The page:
Courtesy of Yale Athletics

The Yale men’s tennis team finished its conference season on Saturday with its closest match of the Ivy League season. But not even the Bulldogs’ best could keep the team from the disappointment of its first 0–7 Ivy League finish in 14 years.

Facing Brown (9–18, 1–6 Ivy) in Providence, the Elis (12–13, 0–7) fell behind early, and despite splitting singles matches with the Bears could not rebound to earn the win. The 4–3 defeat marked Yale’s eighth consecutive loss and put the final stamp on the worst conference season in recent memory for the Bulldogs, who have now won just three conference matches in as many seasons.

“Brown is a good team and similar to us, so we were expecting an even match,” Photos Photiades ’17 said. “[Yale] showed great character, great determination and fighting spirit, but in the end it was really disappointing to lose in such a close manner.”

The Elis’ 2016 season was made difficult early on when Tyler Lu ’17, the team’s previous No. 1 singles player, went out for the year with an injury. Though the Elis proceeded to see some success during the regular season — including one seven-match winning streak against nonconference opponents — the winless conference campaign was perhaps more memorable.

Lu, a first-team All-Ivy selection in both his freshman and sophomore seasons, expressed a positive outlook for the team upon his return next year.

“I would have much preferred to be out on the court playing, but my time spent as a player-coach was pretty rewarding, too,” Lu said. “I thought that numerous members of the team competed very well throughout the season and, with a good class of players coming in next year, I’m really looking forward to next season.”

Yale began competition Saturday against Brown with a narrow loss in the doubles matches. Though Martin Svenning ’16 and Photiades earned a lopsided 6–2 win in the No. 2 match to start the afternoon, the Bears had the last laugh, winning 6–3 over Yale’s top duo of Fedor Andrienko ’18 and Stefan Doehler ’18 before clinching the point with a 7–5 nail-biter over captain Jason Brown ’16 and Alex Hagermoser ’17. After winning four out of seven doubles points in last year’s conference season, the Bulldogs dropped all of them in 2016.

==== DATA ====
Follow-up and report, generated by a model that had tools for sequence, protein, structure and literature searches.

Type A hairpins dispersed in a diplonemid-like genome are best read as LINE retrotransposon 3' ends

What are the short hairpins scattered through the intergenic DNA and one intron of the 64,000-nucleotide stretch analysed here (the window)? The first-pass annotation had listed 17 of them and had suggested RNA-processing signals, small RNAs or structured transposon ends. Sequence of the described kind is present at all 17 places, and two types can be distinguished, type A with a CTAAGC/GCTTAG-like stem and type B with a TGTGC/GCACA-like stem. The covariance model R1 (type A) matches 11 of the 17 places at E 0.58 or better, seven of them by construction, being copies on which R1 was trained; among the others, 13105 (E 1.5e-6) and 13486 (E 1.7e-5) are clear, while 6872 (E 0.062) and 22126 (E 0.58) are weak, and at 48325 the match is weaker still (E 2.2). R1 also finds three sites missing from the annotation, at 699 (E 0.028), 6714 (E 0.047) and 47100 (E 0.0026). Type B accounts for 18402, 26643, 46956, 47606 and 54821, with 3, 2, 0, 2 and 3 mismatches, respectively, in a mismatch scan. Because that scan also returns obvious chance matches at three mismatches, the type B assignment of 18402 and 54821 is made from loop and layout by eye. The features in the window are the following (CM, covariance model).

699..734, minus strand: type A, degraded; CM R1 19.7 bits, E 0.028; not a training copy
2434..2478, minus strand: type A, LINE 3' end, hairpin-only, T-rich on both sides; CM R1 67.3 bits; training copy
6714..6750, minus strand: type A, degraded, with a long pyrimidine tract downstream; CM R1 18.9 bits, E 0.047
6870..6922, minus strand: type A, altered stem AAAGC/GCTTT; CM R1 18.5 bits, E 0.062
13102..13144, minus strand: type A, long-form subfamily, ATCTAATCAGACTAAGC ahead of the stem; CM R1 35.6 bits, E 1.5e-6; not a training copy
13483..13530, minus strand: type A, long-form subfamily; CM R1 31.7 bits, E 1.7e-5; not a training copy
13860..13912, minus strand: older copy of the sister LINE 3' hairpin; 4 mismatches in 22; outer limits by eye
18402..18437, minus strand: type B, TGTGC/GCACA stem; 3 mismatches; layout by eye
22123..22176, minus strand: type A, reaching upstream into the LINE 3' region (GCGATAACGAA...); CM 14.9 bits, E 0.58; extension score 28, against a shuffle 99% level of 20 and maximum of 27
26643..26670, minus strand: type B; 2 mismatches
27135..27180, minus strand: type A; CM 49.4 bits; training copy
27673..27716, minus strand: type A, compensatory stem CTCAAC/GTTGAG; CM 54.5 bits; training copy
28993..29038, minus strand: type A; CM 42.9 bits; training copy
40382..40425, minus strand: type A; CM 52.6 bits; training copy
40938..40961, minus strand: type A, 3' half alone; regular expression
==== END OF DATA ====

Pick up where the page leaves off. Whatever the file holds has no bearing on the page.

The struggles continued early on for the Bulldogs in the singles matches, with Brown seizing the first set in five of six matchups. Photiades was the lone first-set winner for Yale, taking the opening set 7–5 from Brown’s Charles Tan in the No. 6 singles spot.

Ziqi Wang ’18 and Svenning both found themselves on the losing end of sweeps in the No. 1 and No. 4 singles matches, falling 6–1, 6–4 and 6–3, 6–2, respectively. Playing in the top spot in place of Lu for the entire Ivy season, Wang finished with a 1–5 record, the lone win coming against Harvard’s Nicky Hu.

Despite facing a 3–0 match deficit following the pair of losses, the Bulldogs nevertheless refused to go down without a fight. Andrienko and Hagermoser, playing in the No. 2 and No. 3 spots, both rallied back from first-set losses to upend the Bears, winning 4–6, 7–6, 6–4 and 3–6, 6–3, 6–4 to close the gap against Brown to one match.

Needing wins on both remaining courts to notch the win, the Elis came up short, with Brown sophomore Aaron Sandberg sweeping Doehler 6–3, 7-–6 to clinch the match for the Bears. With Brown already beginning to celebrate its first win of the conference season, Photiades won his match in a super tiebreaker, 7–5, 4–6, 1–0, to earn a third point for Yale.

“It was a tough match, and the guys fought well and made a valiant comeback,” Brown said.

The loss to Brown this past weekend punctuates the Bulldogs’ fifth losing conference season in the past six years. Though head coach Alex Dorato has accumulated the most wins in program history, with 294, the Bulldogs have last won an Ivy League Championship in 1993, with Dorato as the interim head coach.

Princeton, which last won a championship in 1988, has the longest title drought in Ivy League men’s tennis.

Daniela Brighenti contributed reporting

Sports Editor for the Yale Daily News and the Down The Field sports blog.